This second go-round has several important functions. One is to prune the most obvious infelicities, the repetitions, loose ends and things-that-don’t-make-sense. Of course, it would be better if I were thoughtful and accurate to begin with, but I’ve finally accepted that the first splurt of words on paper is always going to have dross with the gold. This will take me more than one go-round, so I need to get started.
The second is to get re-acquainted with the story. This particular book has been well over a year in the writing, partly because I was interrupted by editorial revisions and then proofing pages for a different project. When I resumed work, I did a pass through an earlier section to get back up to speed. The middle and final sections, however, have not, as it were, seen the light of critical day. This is an essential step before “re-vision.” That is, in order to see where the overall manuscript needs re-shaping, re-writing, re-arrangement, I need to know what I have, to see the work as a whole. Otherwise, I’ll just be cutting and shoving without knowing where I want to achieve.
I’ve given up envying writers who are done with a work in a draft or two. I used to think there was something wrong with me because I couldn’t do it. My first drafts were and still are drek. (I’m not being modest — I mean really awful.) Over time and with practice, however, I’ve come to appreciate that my own writing process isn’t less than, it’s just different. Fortunately, I like revisions. I give myself permission to do lots of them. That way, it doesn’t matter how terrible that first draft is; what matters is what I do with it. Hence, mapping out the territory.
Along the way, as I have also learned, I will find gems of detail and nuance or moments of grace that I had no idea were there. Part of my job in revision is to make sure they don’t get lost, by giving them the space they need, even if it’s just tweaking the paragraphs. Small moments need quietness, even in the midst of frenzied action. So I’m on a treasure hunt as well.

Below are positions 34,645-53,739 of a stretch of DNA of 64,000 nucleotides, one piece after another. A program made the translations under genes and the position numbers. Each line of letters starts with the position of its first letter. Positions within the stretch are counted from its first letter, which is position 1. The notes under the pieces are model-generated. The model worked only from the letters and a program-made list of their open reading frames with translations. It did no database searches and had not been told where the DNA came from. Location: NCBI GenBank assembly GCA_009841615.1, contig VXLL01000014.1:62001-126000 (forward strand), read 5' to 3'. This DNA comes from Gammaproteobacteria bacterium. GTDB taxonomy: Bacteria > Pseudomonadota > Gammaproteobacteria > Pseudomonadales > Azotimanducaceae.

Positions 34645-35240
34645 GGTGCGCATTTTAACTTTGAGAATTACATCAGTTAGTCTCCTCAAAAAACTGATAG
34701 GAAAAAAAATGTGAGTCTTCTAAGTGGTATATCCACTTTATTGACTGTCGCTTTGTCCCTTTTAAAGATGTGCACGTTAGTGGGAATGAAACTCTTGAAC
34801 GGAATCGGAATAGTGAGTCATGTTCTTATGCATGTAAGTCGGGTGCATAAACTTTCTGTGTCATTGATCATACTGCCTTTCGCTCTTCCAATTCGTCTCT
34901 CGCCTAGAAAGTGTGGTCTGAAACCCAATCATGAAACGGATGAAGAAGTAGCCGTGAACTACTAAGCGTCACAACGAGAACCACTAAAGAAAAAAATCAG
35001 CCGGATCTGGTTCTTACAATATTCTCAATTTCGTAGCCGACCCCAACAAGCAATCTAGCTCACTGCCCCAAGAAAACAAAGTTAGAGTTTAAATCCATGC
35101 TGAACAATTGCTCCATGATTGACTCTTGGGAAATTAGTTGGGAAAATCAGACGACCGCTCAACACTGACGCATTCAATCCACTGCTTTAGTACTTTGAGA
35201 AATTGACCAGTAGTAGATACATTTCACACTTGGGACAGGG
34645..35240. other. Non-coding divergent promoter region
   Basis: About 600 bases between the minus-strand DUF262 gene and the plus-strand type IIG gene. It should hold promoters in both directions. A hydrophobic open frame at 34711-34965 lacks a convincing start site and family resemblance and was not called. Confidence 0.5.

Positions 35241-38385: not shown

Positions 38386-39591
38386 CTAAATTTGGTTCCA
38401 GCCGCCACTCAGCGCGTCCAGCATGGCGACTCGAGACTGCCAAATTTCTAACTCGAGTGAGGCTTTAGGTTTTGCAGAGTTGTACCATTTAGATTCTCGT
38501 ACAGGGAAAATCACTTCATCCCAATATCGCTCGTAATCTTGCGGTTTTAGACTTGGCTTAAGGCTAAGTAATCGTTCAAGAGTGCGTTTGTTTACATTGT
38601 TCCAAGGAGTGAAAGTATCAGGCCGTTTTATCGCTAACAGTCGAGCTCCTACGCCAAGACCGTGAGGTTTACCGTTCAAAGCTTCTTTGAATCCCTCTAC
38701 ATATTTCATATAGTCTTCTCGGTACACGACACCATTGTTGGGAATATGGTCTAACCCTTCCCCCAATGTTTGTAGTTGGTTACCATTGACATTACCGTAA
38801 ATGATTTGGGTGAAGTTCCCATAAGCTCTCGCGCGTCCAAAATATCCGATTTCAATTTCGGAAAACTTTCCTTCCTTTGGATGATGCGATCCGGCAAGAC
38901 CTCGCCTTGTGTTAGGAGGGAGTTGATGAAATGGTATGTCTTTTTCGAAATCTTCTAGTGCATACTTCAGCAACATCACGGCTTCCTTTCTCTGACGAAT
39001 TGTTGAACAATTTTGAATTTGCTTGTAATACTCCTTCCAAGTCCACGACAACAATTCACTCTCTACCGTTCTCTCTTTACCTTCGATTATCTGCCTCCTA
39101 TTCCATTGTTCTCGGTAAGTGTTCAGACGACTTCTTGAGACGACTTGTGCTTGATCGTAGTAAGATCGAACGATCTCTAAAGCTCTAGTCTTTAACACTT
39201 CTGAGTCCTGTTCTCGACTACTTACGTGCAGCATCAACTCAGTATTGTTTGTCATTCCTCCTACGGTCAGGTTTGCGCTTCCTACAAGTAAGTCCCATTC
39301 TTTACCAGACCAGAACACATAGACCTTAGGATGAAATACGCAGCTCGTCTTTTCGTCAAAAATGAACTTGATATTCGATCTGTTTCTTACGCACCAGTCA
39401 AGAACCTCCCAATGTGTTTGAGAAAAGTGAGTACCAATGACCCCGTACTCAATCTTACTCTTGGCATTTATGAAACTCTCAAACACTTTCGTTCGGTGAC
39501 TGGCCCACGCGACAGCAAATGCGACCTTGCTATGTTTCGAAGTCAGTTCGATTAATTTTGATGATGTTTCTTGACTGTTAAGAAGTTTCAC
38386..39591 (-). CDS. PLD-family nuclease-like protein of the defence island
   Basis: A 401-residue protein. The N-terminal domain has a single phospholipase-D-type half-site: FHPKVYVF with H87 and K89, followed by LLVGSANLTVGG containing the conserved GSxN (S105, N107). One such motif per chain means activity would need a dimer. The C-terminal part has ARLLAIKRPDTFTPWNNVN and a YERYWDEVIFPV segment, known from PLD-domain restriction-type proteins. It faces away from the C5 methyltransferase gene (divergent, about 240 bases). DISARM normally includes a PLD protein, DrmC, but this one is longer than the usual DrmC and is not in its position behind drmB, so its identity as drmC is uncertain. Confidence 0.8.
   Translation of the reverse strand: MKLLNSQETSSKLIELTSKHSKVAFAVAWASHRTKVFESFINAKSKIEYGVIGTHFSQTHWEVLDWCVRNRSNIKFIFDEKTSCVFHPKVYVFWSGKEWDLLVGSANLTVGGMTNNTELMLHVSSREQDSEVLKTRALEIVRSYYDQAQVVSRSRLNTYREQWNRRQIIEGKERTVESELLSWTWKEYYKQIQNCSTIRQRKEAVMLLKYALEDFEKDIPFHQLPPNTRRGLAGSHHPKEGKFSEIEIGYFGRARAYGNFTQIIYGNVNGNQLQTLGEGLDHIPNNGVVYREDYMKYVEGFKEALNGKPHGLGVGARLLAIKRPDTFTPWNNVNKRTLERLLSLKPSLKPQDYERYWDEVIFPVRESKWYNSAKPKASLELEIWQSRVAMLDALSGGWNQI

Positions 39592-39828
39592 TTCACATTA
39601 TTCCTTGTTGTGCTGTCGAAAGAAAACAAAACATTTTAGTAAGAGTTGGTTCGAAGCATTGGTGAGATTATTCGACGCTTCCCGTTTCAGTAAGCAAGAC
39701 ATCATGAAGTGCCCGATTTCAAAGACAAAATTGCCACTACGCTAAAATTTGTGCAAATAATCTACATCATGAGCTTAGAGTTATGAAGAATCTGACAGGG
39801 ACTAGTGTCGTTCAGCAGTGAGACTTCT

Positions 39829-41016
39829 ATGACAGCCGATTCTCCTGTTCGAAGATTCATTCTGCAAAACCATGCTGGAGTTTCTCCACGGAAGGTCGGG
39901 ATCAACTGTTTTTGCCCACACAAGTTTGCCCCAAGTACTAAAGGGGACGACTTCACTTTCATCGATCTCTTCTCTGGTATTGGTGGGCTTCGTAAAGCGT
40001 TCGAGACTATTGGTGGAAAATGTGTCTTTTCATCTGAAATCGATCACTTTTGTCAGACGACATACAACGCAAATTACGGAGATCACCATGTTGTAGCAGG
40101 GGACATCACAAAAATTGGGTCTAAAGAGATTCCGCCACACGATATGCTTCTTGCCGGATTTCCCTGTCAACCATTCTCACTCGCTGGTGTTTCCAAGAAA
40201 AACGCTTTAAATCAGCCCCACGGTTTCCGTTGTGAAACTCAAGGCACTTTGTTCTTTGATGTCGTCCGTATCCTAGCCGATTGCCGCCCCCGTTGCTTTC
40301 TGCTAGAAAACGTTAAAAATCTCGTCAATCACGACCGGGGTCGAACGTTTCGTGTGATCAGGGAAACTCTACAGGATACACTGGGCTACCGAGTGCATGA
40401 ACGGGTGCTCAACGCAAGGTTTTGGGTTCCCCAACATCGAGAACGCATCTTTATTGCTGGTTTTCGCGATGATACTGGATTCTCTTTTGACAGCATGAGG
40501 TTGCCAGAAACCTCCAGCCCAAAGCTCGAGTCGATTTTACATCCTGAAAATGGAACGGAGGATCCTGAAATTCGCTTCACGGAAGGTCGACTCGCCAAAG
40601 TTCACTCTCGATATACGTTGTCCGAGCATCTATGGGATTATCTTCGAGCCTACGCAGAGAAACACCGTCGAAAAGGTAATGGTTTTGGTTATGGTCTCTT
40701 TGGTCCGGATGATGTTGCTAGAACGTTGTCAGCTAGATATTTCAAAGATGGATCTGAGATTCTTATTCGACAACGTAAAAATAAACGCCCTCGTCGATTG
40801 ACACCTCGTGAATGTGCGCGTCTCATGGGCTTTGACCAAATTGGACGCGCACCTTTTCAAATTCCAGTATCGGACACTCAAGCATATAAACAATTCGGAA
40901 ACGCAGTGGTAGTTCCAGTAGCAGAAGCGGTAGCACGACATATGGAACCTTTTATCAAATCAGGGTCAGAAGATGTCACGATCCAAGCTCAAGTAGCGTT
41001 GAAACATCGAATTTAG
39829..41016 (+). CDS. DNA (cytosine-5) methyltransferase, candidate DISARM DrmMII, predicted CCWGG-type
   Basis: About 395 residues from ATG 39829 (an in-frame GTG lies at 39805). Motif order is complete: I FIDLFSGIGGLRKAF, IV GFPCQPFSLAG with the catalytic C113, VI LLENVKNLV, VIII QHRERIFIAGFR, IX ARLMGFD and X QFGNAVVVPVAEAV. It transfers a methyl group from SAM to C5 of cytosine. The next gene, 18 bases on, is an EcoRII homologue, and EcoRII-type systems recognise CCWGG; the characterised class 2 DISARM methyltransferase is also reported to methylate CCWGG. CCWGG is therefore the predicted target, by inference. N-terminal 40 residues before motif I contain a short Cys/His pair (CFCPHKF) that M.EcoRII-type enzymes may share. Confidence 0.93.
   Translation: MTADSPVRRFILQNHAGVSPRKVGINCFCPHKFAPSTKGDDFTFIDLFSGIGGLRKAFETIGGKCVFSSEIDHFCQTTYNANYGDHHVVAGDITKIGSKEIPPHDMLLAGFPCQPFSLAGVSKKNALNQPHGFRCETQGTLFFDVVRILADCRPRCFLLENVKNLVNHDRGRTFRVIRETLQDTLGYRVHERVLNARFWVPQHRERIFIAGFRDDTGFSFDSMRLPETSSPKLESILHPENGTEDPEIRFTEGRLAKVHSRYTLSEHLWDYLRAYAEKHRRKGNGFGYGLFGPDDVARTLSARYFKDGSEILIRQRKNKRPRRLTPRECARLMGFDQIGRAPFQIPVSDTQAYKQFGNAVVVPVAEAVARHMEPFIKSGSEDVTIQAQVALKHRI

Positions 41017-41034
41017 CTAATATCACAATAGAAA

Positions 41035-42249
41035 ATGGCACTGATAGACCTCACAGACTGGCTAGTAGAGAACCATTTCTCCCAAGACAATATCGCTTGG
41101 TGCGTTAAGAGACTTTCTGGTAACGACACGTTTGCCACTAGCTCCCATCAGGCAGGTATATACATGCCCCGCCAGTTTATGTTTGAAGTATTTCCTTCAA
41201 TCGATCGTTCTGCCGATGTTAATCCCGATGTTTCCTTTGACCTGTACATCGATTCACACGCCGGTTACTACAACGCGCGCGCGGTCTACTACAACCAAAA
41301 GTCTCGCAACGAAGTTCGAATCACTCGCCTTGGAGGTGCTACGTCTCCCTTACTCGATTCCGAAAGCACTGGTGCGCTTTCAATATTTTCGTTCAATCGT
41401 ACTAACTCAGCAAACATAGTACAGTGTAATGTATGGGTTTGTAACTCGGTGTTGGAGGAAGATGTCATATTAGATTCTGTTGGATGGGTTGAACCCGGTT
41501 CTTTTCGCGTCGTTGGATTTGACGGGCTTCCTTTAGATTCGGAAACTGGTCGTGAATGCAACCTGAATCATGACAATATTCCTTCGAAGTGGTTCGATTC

It’s not only permissible but important to savor what I’ve written. The gems make that easier, but even when faced with a chapter best expunged and rewritten from scratch, I try to feel a sense of accomplishment. If a long time has gone by since I wrote these pages, I allow myself to feel surprised, even delighted. The next step — the execution of the massive slash and burn — is going to be brutal enough. I find it best to start with my confidence batteries fully charged.
Here’s a snippet, a nomad woman and her four-year-old son:
Shannivar thought, My son is a true clansman. She went to him, took his hand, and led him to the horses.
Silent and solemn, he waited beside her as night blurred the shapes of the grazing animals.
“See that one with the white blaze? She will be yours.”
“What is her name?”
“You must discover that for yourself.”
“Does she have a mami?”
“Yes, little man. It was Radu. Don’t you remember her?”
A nod in the silence. The earth smelled of dust and rising dew and the tired bodies of the horses. “And a papi?”
“My own Eriu.”
“A papi like mine?”
Mother of Horses . . .
“No. Not like yours.”
From The Heir of Khored, the last book of The Seven-Petaled Shield.
Deborah J. Ross has been writing science fiction and fantasy since 1982. Her recent publications include Hastur Lord, a Darkover novel with the late Marion Zimmer Bradley, and Jaydium, available in serialized chapters and ebook here on Book View Cafe.
Find my new and out-of-print books at Powell’s online.